1 Peter 1: 6-7: How Can I Say Our Trembling Hands Are the Glory of God
Updated: Jun 15, 2020
Week 3 Reflection: 1 Peter 1: 6-7
In this you rejoice, though now for a little while, if necessary, you have been grieved by various trials, so that the tested genuineness of your faith—more precious than gold that perishes though it is tested by fire—may be found to result in praise and glory and honor at the revelation of Jesus Christ.
Every moment, it seems, is now, or can be, a Cross. History, this time of apparently meaningless suffering, is now given the privilege of not always being meaningless, the present tense (present, it seems, in its shagginess and randomness) is given the privilege of becoming a Cross. The trading off of the age of Sin to the Kingdom that comes. Every moment is the place where mine can become His.
What does it mean that our trust [faith] can and must become--by the time Christ gets here and the Cross of history is done with us--tested and genuine?
Tested means our trust will have done more than we expected it to. Our trust will have handed over more of ourselves to the Lord than we wanted it to. The heart will have finally become--by the strain and struggle of faith--a place of worship, a place where we offer ourselves in trust.
Genuine, means that by the time our trust has handed it all over to the Lord [all those things we did not want or expect to] our trust will finally be what it should be, can finally be called trust and not opportunism or transaction.
And when Christ comes back, what He will use to adorn himself with, what he will count precious, the crown he will wear, will be the tested and genuine trust of his people.
A man walks out of the care home that I try to visit each day. He walks out to a blanket set on the floor, shaking but trusting this little fellowship of prayer that meets on the stoop outside the care home doors. His trust makes him sit down. His trust makes him lean forward, tune in.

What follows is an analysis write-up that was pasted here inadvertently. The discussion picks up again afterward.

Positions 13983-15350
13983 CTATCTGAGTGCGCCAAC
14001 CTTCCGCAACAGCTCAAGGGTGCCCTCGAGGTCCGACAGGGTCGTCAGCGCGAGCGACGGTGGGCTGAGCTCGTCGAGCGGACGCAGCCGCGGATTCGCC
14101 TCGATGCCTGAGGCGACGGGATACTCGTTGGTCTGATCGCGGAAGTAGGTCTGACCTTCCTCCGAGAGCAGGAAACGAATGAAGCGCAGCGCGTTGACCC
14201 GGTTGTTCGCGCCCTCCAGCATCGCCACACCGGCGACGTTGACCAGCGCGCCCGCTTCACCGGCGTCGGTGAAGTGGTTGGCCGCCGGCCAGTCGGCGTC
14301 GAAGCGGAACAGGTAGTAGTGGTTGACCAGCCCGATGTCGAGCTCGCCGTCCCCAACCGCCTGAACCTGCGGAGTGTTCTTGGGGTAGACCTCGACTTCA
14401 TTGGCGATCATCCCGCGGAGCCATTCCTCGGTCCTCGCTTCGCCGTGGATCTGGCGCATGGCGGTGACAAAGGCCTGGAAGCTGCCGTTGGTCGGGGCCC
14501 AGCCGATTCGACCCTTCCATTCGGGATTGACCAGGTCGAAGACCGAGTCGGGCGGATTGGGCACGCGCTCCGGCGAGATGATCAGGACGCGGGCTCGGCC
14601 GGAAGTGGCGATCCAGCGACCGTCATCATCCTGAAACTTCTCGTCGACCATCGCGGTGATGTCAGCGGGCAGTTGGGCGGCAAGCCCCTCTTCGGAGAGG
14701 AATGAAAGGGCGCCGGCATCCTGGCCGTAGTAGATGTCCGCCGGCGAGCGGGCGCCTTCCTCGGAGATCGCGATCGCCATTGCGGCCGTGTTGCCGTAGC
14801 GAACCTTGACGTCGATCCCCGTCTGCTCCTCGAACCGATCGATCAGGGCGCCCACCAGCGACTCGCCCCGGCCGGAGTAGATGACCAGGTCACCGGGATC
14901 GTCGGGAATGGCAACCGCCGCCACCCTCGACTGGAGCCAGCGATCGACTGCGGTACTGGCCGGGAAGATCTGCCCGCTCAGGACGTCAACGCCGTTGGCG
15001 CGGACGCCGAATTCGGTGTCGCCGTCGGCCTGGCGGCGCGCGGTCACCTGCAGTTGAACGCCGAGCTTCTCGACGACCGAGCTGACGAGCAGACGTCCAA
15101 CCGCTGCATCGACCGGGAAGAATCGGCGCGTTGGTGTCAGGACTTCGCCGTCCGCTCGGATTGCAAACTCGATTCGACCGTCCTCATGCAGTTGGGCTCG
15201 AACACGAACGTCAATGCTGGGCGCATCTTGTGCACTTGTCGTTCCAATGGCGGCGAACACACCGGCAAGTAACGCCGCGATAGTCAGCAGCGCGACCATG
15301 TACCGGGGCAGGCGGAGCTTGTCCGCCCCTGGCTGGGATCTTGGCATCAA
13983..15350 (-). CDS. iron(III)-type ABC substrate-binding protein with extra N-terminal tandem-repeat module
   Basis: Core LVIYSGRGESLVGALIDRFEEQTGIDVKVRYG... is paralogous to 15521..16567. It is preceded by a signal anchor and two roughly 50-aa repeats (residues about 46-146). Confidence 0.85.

And what the Lord sees in something like that, what the Lord sees in a little offering of our shaking hands, is more than a big pile of gold, or the stones of a cathedral.
He sees something he can work with, adorn himself with. He sees his return in glory.
When we have gripped Christ with that fragile shaking thing called trust, we have grasped, in grasping Christ, our own glory and honor. What will adorn Christ at his revelation, what will shimmer off his crown, is that shaking man’s trust.
How to tell that shaking man that what I see, when his trembling hands join us, is glory?
Glory is God at his most creative, most beautiful. Glory is heaven showing off to earth. Glory is God on display.
And the word for Christ with people, the word for Christ finally with the people who trust Him, is glory. He longs for it, prays for it, intercedes for. Wields His Spirit like sword and staff for it.
By His Death he rescued us, secured our trust. By Resurrection he nurtures and leads it. But by His Return he fulfills it. When He comes back our Trust—not our thoughts, not our feelings, our trust--transfigured, takes on its namesake. Glory.